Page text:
When the news broke that the up-and-coming Sound on Sound music festival will be cancelled, music lovers across Texas mourned. But luckily, SOSFest’s agency Margin Walker Presents rescheduled a number of the acts at venues around the city, giving people the opportunity to still experience a music-filled weekend. Chicago rapper Noname was one of the most anticipated acts of the festival, and her rescheduled show at the Scoot Inn allowed fans to experience her magic despite the cancellation.
Bathed in purple light throughout the show, Noname, born Fatimah Warner, delivered a moving, engaging, and healing performance. Her ability to be comfortable and silly on stage despite the vulnerability of her lyrics is awe-inspiring, a juxtaposition that may catch unfamiliar listeners off guard. The music itself, which discusses death, survival, blackness, and growing up in Chicago, is uplifting in its honesty. Many songs sound as if they’re straight from Noname’s diary, with R&B, motown, and gospel influenced production.
Noname hasn’t necessarily reached mainstream fame, but anyone who pays attention to hip hop should know her name. She took over 2016 with the release of Telefone, her debut album, and sold out her entire nationwide tour. But Noname isn’t new to the scene — she’s been on a national radar for years, particularly since delivering one of the best features on Chance the Rapper’s groundbreaking mixtape Acid Rap. Noname, part of the group of rising stars from Chicago like Saba, Joey Purp, Vic Mensa, and more, makes music that no one else can replicate. Her show offers this same uniqueness.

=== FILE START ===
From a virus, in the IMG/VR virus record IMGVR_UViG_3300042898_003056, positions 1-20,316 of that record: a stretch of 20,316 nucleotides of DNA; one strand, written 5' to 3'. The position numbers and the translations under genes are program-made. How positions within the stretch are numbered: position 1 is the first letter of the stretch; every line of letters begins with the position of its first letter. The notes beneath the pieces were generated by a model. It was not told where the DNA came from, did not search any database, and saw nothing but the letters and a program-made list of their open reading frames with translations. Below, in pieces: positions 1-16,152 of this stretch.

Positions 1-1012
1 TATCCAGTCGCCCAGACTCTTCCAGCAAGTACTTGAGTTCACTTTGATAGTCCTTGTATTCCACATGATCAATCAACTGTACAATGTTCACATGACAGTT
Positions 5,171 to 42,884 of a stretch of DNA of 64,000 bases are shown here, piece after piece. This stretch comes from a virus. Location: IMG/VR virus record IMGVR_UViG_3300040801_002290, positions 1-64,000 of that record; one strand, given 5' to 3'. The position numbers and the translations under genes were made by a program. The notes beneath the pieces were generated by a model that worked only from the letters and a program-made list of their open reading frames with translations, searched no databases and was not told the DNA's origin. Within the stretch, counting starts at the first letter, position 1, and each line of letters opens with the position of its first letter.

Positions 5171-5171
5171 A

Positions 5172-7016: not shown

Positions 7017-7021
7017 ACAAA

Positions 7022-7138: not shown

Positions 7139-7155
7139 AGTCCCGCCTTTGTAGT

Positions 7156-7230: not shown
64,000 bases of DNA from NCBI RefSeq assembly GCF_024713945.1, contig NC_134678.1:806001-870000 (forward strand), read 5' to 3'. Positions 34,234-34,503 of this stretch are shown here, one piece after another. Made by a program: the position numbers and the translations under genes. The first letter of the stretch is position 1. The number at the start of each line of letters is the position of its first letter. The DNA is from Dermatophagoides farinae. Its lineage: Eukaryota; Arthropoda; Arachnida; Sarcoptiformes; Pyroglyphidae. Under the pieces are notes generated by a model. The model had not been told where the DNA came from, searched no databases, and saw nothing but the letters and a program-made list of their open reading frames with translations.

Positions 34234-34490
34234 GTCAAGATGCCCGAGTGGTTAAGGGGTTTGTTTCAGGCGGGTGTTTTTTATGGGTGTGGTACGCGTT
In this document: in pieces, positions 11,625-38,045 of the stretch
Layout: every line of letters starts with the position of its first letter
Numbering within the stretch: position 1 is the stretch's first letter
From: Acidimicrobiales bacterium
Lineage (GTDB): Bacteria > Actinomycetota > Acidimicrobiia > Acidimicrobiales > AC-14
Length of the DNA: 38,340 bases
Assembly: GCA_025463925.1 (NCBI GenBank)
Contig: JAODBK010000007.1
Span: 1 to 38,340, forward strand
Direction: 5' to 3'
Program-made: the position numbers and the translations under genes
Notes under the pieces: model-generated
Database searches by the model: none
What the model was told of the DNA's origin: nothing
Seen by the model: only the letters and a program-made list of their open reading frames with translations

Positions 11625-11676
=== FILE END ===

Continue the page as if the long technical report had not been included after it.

With the help of a full band, and a short cameo from her fellow artist Raven Lenae, Noname performed almost all of the songs she’s released in the past few years, including her features on various other projects. She engaged with the audience, danced, laughed, and maintained an infectious joy all the way through the encore. Despite her music using very little heavy bass as many of her hip-hop colleagues, she still managed to make the crowd move. Along with Atlanta singer Arima Ederra and local Austin powerhouse Magna Carda, the show lived up to the SOSFest hype, and offered a worthy solace to those who wished they could have experienced the full festival. Check out our photo recap below.